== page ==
• Grammars and notes on Irish language and transcriptions, and manuscript copies of catalogues of Irish manuscripts in the Royal Irish Academy, Trinity College Dublin and the British Museum;
  • Original letters from Eugene O'Curry and John O'Donovan to Kelly, 1837-1861 (Irish MS 20);
  • Original Irish language manuscripts collected by D.H. Kelly, including the Hanrahan Collection of Fenian Tales;
  • Small number of eighteenth-century manuscripts which belonged to Count Charles O'Kelly (English, French and Latin);
  • A number of genealogical manuscripts, pedigrees and armorials etc. of Irish families (Irish, English, French and Latin).

Administrative / Biographical History

Denis Henry Kelly (1797-1877), Irish landowner, scholar andcollector, was the son of Andrew Armstrong Kelly and his wife Leonora Mary, daughter of Francis Salvador, esq., of Twickenham. Denis Kelly was a senior member of the O'Kelly family of Uì Maine or Hy Many, and resided at Castle Kelly, Mount Talbot, Roscommon. He married twice: first to Mary, daughter of Walter M. Moseley of Buildwas, Shropshire, by whom he had two daughters; secondly to Elizabeth Diana, daughter of Colonel John Cator of Brehenham, Kent, by whom had a further three daughters. He wasa magistrate of Galway and Roscommon and a deputylieutenant of the former county. In the early nineteenth century, many landownersin Ireland were members of learned societies, collectors or genealogists.Kelly himself had a substantial library containing old family manuscripts,manuscripts and papers that he himself had acquired, and transcripts of manuscripts copiedby or for Kelly.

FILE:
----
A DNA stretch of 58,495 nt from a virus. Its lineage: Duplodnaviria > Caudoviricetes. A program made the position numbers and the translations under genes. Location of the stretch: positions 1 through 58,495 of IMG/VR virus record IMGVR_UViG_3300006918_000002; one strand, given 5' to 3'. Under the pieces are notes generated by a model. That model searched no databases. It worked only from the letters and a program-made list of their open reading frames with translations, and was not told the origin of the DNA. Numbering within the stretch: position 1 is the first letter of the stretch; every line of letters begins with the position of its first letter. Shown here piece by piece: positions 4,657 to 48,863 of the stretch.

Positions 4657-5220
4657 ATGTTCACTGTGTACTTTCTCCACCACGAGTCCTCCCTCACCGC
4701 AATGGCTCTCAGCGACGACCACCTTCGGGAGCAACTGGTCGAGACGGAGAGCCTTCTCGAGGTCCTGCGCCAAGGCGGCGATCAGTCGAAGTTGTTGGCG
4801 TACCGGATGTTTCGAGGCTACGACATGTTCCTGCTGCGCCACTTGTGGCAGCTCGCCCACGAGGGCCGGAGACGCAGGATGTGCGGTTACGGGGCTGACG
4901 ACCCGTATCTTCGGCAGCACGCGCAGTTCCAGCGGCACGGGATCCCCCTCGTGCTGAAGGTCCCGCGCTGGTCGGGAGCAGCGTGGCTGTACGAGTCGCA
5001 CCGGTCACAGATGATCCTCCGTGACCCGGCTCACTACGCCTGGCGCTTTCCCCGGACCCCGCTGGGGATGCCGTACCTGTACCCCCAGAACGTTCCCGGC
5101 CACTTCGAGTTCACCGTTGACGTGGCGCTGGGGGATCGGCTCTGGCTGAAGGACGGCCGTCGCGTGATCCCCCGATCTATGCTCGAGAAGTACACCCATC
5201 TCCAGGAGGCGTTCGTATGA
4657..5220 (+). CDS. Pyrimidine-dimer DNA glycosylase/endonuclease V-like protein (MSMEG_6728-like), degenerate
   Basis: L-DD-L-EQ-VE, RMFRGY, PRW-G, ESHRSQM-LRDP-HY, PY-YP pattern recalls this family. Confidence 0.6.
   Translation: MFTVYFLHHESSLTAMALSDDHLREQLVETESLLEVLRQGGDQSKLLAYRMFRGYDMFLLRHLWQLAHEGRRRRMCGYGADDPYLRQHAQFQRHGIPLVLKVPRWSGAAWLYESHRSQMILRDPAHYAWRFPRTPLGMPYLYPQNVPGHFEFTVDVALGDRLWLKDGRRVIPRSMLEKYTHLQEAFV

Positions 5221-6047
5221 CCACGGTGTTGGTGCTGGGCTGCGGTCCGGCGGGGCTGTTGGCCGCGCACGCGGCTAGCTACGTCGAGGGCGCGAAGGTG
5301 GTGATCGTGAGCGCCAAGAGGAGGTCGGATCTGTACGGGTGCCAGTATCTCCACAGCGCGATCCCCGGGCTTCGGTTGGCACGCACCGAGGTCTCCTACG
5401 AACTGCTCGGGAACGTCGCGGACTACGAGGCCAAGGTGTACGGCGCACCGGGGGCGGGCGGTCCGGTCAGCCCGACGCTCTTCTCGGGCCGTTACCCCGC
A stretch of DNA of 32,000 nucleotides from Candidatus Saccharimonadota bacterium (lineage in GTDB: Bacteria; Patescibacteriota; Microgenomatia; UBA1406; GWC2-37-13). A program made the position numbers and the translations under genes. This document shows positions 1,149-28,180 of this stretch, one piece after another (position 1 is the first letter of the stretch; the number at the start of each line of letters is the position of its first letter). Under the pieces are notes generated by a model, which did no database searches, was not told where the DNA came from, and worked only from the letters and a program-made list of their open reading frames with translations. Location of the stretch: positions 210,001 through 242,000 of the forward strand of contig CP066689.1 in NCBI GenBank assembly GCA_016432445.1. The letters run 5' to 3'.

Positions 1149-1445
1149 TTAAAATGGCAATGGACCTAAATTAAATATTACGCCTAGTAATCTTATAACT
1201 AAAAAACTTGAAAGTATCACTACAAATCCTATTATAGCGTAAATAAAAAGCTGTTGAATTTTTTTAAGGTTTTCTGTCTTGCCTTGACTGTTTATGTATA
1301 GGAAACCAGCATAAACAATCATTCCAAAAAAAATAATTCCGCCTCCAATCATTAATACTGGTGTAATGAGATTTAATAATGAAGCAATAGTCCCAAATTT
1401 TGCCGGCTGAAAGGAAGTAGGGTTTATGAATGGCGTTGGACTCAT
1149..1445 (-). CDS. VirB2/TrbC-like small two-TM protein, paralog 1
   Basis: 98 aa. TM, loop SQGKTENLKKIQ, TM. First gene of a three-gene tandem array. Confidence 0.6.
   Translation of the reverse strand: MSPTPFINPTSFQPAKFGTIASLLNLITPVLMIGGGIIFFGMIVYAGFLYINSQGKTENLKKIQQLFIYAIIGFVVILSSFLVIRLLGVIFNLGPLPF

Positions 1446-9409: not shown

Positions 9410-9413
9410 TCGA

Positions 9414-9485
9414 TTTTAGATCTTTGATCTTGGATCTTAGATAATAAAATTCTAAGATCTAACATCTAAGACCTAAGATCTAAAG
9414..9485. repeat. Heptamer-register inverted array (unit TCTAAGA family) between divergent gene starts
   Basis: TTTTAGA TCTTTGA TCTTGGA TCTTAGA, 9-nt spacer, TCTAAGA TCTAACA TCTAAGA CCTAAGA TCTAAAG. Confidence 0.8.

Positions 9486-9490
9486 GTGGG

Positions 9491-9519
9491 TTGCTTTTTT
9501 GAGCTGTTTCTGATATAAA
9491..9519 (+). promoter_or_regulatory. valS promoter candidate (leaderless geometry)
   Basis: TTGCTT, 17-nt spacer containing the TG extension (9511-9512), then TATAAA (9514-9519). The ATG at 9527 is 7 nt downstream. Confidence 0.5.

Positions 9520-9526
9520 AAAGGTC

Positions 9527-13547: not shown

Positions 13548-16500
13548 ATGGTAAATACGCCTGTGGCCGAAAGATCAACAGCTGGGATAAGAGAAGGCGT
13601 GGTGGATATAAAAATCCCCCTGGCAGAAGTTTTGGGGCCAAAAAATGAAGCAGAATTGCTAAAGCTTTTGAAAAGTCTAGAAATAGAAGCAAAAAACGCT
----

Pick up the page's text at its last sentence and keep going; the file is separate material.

In 1830 the Irish scholar John O'Donovan (1809-1861)had been appointed to the Ordnance Survey of Ireland under the direction ofGeorge Petrie. In 1834 O'Donovan embarked on a series of fieldwork tours throughoutIreland to collect topographical and historical information. When O'Donovanwent to Roscommon in 1837, Denis Kelly gave him substantial support. He setO'Donovan up in his house at Castle Kelly, gave him a servant, introducedhim to the local area, people and antiquities, and allowed him to consulthis family papers and manuscripts. This marked the beginning of a long friendship.In the early 1840s, Kelly again assisted O'Donovan in his preparation of The tribes and customs of Hy-Many, commonly called O'Kelly's country (Dublin, 1843). O'Donovan's work for the Ordnance Survey introducedhim to a number of other Irish antiquarian scholars. In 1835 his recommendationthat Eugene O'Curry (1796-1862) be appointed to the staff of the Surveywas agreed. In January 1840 O'Donovan married O'Curry's sister in law.